Common Cognitive Distortions

Common Cognitive Distortions

A partial list from Robert L. Leahy, Stephen J. F. Holland, and Lata K. McGinn’s Treatment Plans and Interventions for Depression and Anxiety Disorders (2012).

1. Mind reading. You assume that you know what people think without having sufficient evidence of their thoughts. “He thinks I’m a loser.”

2. Fortune-telling. You predict the future negatively: things will get worse, or there is danger ahead. “I’ll fail that exam,” or “I won’t get the job.”

3. Catastrophizing. You believe that what has happened or will happen will be so awful and unbearable that you won’t be able to stand it. “It would be terrible if I failed.”

4. Labeling. You assign global negative traits to yourself and others. “I’m undesirable,” or “He’s a rotten person.”

5. Discounting positives. You claim that the positive things you or others do are trivial. “That’s what wives are supposed to do—so it doesn’t count when she’s nice to me,” or “Those successes were easy, so they don’t matter.”

6. Negative filtering. You focus almost exclusively on the negatives and seldom notice the positives. “Look at all of the people who don’t like me.”

7. Overgeneralizing. You perceive a global pattern of negatives on the basis of a single incident. “This generally happens to me. I seem to fail at a lot of things.”

8. Dichotomous thinking. You view events or people in all-or-nothing terms. “I get rejected by everyone,” or “It was a complete waste of time.”

9. Blaming. You focus on the other person as the source of your negative feelings, and you refuse to take responsibility for changing yourself. “She’s to blame for the way I feel now,” or “My parents caused all my problems.”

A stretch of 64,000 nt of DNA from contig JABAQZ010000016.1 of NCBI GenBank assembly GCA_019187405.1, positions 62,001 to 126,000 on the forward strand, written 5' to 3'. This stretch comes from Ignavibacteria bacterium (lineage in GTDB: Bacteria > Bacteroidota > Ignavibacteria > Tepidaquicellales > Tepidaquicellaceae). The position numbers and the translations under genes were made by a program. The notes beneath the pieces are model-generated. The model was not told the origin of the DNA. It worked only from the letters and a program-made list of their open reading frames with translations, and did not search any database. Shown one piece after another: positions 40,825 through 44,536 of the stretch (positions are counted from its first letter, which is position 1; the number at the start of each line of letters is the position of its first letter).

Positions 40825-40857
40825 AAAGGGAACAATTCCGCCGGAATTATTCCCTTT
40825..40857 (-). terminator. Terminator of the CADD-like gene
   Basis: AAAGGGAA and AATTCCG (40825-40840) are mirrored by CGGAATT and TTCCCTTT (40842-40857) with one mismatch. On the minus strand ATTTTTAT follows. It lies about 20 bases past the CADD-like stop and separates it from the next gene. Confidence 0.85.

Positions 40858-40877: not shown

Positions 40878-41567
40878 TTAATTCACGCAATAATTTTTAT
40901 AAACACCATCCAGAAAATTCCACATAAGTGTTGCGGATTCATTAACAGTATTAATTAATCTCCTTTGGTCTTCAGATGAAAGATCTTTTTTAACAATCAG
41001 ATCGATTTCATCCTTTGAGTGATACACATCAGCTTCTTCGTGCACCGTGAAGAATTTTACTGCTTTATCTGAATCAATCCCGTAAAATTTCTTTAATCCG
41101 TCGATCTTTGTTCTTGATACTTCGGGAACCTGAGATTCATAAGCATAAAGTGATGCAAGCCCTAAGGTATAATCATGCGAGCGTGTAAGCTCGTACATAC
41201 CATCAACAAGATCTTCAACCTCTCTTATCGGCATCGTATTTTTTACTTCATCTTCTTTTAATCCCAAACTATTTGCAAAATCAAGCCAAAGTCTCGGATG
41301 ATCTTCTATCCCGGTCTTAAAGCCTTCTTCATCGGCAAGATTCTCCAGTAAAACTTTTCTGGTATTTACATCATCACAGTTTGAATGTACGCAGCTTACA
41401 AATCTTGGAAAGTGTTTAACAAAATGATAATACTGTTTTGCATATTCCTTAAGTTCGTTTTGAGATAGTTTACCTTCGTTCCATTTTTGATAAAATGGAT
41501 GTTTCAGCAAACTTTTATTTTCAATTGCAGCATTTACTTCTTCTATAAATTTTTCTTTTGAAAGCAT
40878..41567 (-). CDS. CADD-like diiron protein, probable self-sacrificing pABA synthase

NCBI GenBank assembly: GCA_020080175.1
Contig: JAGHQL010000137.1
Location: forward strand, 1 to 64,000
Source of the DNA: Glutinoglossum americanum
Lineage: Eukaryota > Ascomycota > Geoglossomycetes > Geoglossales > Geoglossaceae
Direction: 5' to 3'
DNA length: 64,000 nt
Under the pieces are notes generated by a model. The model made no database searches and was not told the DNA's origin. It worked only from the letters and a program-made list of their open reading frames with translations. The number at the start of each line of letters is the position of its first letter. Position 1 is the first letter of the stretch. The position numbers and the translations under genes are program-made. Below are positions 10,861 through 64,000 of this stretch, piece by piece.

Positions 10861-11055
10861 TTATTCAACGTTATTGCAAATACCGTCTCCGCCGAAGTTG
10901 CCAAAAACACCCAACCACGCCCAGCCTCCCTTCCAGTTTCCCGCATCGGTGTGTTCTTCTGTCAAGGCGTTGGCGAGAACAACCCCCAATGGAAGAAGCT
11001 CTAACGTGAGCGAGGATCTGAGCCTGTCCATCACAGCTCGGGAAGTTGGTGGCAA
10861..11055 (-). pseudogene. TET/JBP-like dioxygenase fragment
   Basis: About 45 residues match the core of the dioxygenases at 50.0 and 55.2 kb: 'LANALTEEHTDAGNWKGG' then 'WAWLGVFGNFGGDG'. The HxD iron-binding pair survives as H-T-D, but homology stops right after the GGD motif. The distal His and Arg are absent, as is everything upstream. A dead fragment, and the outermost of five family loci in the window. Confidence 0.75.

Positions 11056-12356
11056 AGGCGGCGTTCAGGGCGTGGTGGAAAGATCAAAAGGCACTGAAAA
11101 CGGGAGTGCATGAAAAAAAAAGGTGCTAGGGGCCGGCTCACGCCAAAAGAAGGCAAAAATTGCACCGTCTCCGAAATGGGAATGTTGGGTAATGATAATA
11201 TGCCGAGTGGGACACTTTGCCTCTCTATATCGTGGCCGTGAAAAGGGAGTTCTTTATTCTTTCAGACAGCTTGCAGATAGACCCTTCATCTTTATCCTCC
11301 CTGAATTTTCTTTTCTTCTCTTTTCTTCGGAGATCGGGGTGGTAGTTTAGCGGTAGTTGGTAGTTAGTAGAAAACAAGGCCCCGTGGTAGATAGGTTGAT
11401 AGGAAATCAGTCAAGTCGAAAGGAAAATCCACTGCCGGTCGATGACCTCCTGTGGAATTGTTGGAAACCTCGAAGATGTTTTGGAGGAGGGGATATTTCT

10. What if? You keep asking a series of questions about “what if” something happens, and you fail to be satisfied with any of the answers. “Yeah, but what if I get anxious?,” or “What if I can’t catch my breath?”

11. Emotional reasoning. You let your feelings guide your interpretation of reality. “I feel depressed; therefore, my marriage is not working out.”

12. Inability to disconfirm. You reject any evidence or arguments that might contradict your negative thoughts. For example, when you have the thought I’m unlovable, you reject as irrelevant any evidence that people like you. Consequently, your thought cannot be refuted. “That’s not the real issue. There are deeper problems. There are other factors.”

I took the VIA Personality Survey and this is what it says about me. Think it’s accurate? Let me know.

Your Top Strength Is Creativity: Thinking Of New Ways To Do Things Is A Crucial Part Of Who You Are.



Thinking of novel and productive ways to conceptualize and do things; includes artistic achievement but is not limited to it.



Speaking the truth but more broadly presenting oneself in a genuine way and acting in a sincere way; being without pretense; taking responsibility for one’s feelings and actions.



Not shrinking from threat, challenge, difficulty, or pain; speaking up for what’s right even if there’s opposition; acting on convictions even if unpopular; includes physical bravery but is not limited to it.



Being aware of and thankful for the good things that happen; taking time to express thanks.



Liking to laugh and tease; bringing smiles to other people; seeing the light side; making (not necessarily telling) jokes.



Doing favors and good deeds for others; helping them; taking care of them.



Being able to provide wise counsel to others; having ways of looking at the world that make sense to oneself/others.



Treating all people the same according to notions of fairness and justice; not letting feelings bias decisions about others; giving everyone a fair chance.



Finishing what one starts; persevering in a course of action in spite of obstacles; “getting it out the door”; taking pleasure in completing tasks.


Social Intelligence

Being aware of the motives/feelings of others and oneself; knowing what to do to fit into different social situations; knowing what makes other people tick.



Thinking things through and examining them from all sides; not jumping to conclusions; being able to change one’s mind in light of evidence; weighing all evidence fairly.